Executive Order Releases “Some Like It Hot”
What do you get when you mix the guitar tones and stylings of Van Halen, the groovy bassline of Led Zeppelin, and a voice that would be at home within the 90s grunge era? In this case, you might find yourself a hair closer to describing the wide array of sounds within rising band Executive Order’s grasp. Bursting onto the scene with their debut album All Bleed Red, the band boasts a sound that is as hard to pinpoint as it is to get out of your head. Lead single “Some Like It Hot” is a massive indicator of such.
Opening the album with such a massive earworm was an easy choice. I immediately began it over upon ending, paying closest attention to the warm brass horns that felt both out of place and yet the centerpiece of a grand statement the band was making upon entering the scene. The lyrics weave through the abundant instrumental, at the forefront but not entirely the focus; this is for better and for worse, as lead singer Joseph Olson crafts words ultimately made for the airwaves, catchy but not entirely with depth. “Some like it hot, some like it hard, some like it dirty, some nice and clean.” It’s easy to learn, which makes it easy to scream at a live show. Executive Order did not seek out to make a ballad or an anthem with “Some Like It Hot,” and ultimately it succeeds at being a sex-fueled rock song to soundtrack a wild night out with your better (or worse) half when things begin to get hot and heavy.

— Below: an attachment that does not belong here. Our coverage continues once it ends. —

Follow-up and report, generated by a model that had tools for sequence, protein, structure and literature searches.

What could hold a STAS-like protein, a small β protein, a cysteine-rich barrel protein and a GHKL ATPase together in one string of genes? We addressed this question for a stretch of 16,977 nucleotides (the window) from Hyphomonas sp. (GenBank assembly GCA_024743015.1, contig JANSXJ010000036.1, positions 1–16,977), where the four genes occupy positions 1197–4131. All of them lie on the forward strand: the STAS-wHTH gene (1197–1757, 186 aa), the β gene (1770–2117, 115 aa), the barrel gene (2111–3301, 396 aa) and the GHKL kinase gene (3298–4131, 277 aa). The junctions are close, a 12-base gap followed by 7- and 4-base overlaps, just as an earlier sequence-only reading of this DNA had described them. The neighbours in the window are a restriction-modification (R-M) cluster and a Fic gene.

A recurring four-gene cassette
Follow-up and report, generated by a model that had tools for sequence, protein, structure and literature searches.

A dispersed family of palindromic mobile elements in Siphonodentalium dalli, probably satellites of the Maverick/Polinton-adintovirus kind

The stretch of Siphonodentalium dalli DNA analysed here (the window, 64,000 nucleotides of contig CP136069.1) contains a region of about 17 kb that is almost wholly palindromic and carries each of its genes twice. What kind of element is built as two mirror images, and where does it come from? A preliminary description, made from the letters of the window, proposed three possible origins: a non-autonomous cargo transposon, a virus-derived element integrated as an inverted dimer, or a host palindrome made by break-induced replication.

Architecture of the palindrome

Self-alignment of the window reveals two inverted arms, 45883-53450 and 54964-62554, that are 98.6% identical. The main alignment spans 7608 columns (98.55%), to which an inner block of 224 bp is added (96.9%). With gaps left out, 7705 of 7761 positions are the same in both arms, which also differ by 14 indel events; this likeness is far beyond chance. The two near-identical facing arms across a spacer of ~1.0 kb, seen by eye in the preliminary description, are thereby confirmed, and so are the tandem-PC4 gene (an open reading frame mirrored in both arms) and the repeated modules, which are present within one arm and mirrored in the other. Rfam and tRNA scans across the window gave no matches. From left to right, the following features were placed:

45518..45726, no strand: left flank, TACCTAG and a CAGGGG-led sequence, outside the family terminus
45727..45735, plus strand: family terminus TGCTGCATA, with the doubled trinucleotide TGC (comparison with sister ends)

The rest of the band shows they’re down to play down and dirty, too, as the production follows suit – guitarist Rich Elg uses backup vocals to complement Olson’s leads, dealing the song guitar work worthy of a hit. About halfway through its runtime, “Some Like It Hot” features a grand guitar solo before segueing into a soft bridge, and the tonal contrast is noteworthy in part due to Annie Kamiya’s supporting harmonies. The work on bass guitar by James Anthony Hewahewa Christian is remarkable, too; the band’s website says Christian “brings a wealth of experience, musical style, and a very chill vibe to the entire operation of Executive Order,” and his additions to the song more than serviceably showcase this very thing.
A minor gripe noted within the song’s production was a dialogue track inserted over the soft bridge following the guitar solo. It muddles the vocal harmonies and isn’t fully discernible as to why it’s in the song, but the idea of it being a fun layer of texture to add to a song that already accomplishes a fun tone might feel like overkill to some listeners. Kamiya overpowers the negatives, though, and brings us back as Olson sings a stripped-down chorus before the band erupts back into proper form with a reprise of the chorus at an iteration where the song is its most proud form.
It’s safe to say the strengths vastly overpower any minor issues with the song’s formation and that “Some Like It Hot” was more than enough to convince me to give All Bleed Red a listen. What Executive Order will release next is hard to say, since their influences and ambitions cover such a wide breadth of territory, but whatever it is, it’ll be worth listening to.
The music of Executive Order has been heard all over the world in partnership with the radio plugging services offered by Musik and Film Radio Promotions Division. Learn more https://musikandfilm.com